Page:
The settler to the unarmed Palestinian: Have I ever humiliated you? Or ever hurt you

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Rachel Afek
Seriously? Does this make us safer?

Palestinian Jordan Valley – the Roi settler-colony and Al Haididiya Palestinian shepherd community area
I found myself standing in a field with two Palestinians, a father and son, owners of the land, and two men from Roi Jewish settler-colony – Moshe the community manager, and another wise-guy whose name I still don’t know, who was armed and said he was the place’s security official, two army jeeps filled with male and female soldiers. For a moment there the woman-officer also emerged, whom I know from a previous harassment in the fields of Al Hadidiya, and there was also the policeman who came and went. All around an Israeli tractor that was hired by the Roi people to sow a field owned by a Palestinian.
The Palestinians brought a Jordanian document proving their ownership of the plot, and also claimed they have an Israeli paper showing ownership, but it was forgotten at home. The Jews claimed the field as theirs. They didn’t need to provide any documentation, apparently. The policeman arriving on the scene tried to bring order and said that until the Civil Administrationinfo-icon decides to whom the land belongs, no one will do anything with it.
As we know, it is now plowing and sowing season. The Palestinian claimed that the land was his even before the settler-colony was founded in the early 1970s. He said that back then a small triangle was taken from him, and every year he sows the land and waits for the harvest.
The Jews claimed that their relations with the Palestinians was great until “you came”. I remembered hearing this statement from the red-headed Jewish settler-colonist at Rashash, as well. Later on I realized exactly what their meant.
The guy with the rifle – waved in front of our faces and at times hitting my leg – has a sense of humor that works only with the thoughtless soldiers, and tries to show off with his Arabic so that the Palestinian would smile at him – has he any other choice? – and agree to words such as: Have I ever humiliated you? Or ever hurt you? 
What could the unarmed Palestinian say? That you stole my land without humiliating or hurting me? No! He says, rightly. You never humiliated nor hurt me… He won’t dare calling him robber, thief, liar - to his face, the way I do. He only sneaks me a thankful look, secretly.
And then the community manager yells at me: No photos! I ask why not. Are you afraid of something? And I don’t take pictures. And decide to record him. But I’m clumsy. They see that I’m trying to record. Not that I’m trying to hide it. I’m just concerned that I wouldn’t remember their words and might miss some important information. They whisper behind my back. Look, she’s recording… Then the soldier yells to the policeman: Isn’t this violation of the law? That stipulates that you cannot record someone without them knowing? The policeman waves him off impatiently. And I no longer feel like recording anyone. What would they say, after all, this nasty bunch.  Clearly I explain to the Palestinian that all three arms here serve the same purpose (Israeli settlers-colonists, soldiers and police). And he agrees with me. What can he do, after all. And I guess that the Civil administration will rule that the field belongs to the Jews. When has it ever ruled differently? Right, faith.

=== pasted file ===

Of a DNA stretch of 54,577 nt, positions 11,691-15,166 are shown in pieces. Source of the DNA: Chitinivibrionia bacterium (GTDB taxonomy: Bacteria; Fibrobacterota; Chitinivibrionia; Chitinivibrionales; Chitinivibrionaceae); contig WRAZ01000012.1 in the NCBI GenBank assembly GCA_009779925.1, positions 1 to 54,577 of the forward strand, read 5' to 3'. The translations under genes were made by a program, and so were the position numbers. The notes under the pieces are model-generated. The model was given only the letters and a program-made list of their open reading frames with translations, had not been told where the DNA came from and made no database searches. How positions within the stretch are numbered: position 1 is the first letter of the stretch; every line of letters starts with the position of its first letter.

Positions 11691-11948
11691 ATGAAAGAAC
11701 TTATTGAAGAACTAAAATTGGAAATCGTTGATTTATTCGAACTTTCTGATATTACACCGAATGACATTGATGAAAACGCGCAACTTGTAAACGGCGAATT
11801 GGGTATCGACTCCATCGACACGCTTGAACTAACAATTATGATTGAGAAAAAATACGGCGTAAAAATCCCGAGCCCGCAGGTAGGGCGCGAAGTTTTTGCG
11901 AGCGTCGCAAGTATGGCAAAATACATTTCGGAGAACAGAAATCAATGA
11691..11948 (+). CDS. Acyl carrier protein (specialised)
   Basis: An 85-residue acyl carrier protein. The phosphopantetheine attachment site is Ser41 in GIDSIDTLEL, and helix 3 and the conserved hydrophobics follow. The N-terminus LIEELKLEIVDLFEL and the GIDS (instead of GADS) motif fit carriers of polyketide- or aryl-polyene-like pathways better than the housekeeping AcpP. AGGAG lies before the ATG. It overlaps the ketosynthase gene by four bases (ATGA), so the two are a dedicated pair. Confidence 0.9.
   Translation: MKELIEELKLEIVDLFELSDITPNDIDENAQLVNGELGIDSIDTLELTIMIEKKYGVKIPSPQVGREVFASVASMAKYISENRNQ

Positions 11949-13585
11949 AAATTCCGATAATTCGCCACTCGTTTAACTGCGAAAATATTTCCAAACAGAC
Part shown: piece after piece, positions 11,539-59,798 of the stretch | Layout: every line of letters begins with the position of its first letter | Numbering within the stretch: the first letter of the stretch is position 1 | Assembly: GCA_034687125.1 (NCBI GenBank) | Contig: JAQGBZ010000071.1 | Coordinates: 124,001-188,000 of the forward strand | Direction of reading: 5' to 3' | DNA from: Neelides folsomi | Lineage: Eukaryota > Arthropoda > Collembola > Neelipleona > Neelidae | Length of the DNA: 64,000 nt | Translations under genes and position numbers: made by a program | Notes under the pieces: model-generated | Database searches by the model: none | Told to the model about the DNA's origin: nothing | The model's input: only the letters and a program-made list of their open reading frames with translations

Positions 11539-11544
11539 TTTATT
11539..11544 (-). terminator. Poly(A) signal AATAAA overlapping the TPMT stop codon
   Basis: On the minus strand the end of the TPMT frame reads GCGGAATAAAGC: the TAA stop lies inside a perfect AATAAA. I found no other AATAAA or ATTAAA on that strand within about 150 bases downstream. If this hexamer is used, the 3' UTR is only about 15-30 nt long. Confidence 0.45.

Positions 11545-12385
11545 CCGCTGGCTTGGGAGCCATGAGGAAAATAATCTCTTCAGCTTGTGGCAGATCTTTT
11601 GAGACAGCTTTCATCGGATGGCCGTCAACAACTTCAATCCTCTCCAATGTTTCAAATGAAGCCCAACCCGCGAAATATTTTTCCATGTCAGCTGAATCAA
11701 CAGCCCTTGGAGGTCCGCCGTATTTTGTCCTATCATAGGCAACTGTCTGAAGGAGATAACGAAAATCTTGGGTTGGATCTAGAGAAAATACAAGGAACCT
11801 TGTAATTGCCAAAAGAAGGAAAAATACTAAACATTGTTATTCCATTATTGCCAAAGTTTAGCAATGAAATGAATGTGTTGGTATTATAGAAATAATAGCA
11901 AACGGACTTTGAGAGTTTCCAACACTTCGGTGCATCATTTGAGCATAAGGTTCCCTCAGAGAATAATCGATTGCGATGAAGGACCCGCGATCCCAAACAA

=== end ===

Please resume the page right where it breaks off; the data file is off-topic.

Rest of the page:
It was the same Jew to whom I address a letter a week ago asking why he closed the fence and would not allow the community living to the east of it to come out to the main road. And I ask him why he didn’t respond to my letter. What do I owe you? Who are you for me to respond to? He answers. I say to him – you don’t let people get to their destination. You restrict their movement. There’s no obligation to answer me.
In the morning I went in to check whether the gatesinfo-icon were open. I found an open gate near the greenhouses, but further east, on the way leading to Hadidiya there is another gate and – wonder of wonders – it is closed. The southern side is closed off too. The way that T. was proposed for me further south of the southern track is not fit to travel. There remains only the track to Makhoul, which is only accessible for vehicles with large wheels. Not mine. My chassis is low-slung… (I have a blurred picture of the closed gate).
At some point most of them left and I remained with the humorous fellow, the two Palestinians and soldiers. We waited for the Civil Administration’s reply. A woman-soldier standing next to us and listened to us talk. I meant to speak quietly with the humorous fellow. But couldn’t. He quizzed me on history. Soon enough we reached the point that he compared the settlers’ deeds to those of the Zionist pioneers who founded the kibbutzim, and then he had a problem facing a woman (me) who is not an avid Zionist and is able to face his solid claims, and says that we can only fix the situation together. The method of throwing “them” to hell will not work forever. The woman-soldier listening quietly, identifying with the humorous guy’s rifle, said at some moment: “I’m Muslim”. “An Arab from the Galilee”. I was shocked. Why are you here, in uniform?? “Because I wish to defend my state. The state that gave my mom so much as me too. I want to defend it.” I wanted to die.
Later we realized the DCO would not arrive on the scene. They promised the soldiers a reply by phone. The forum broke up.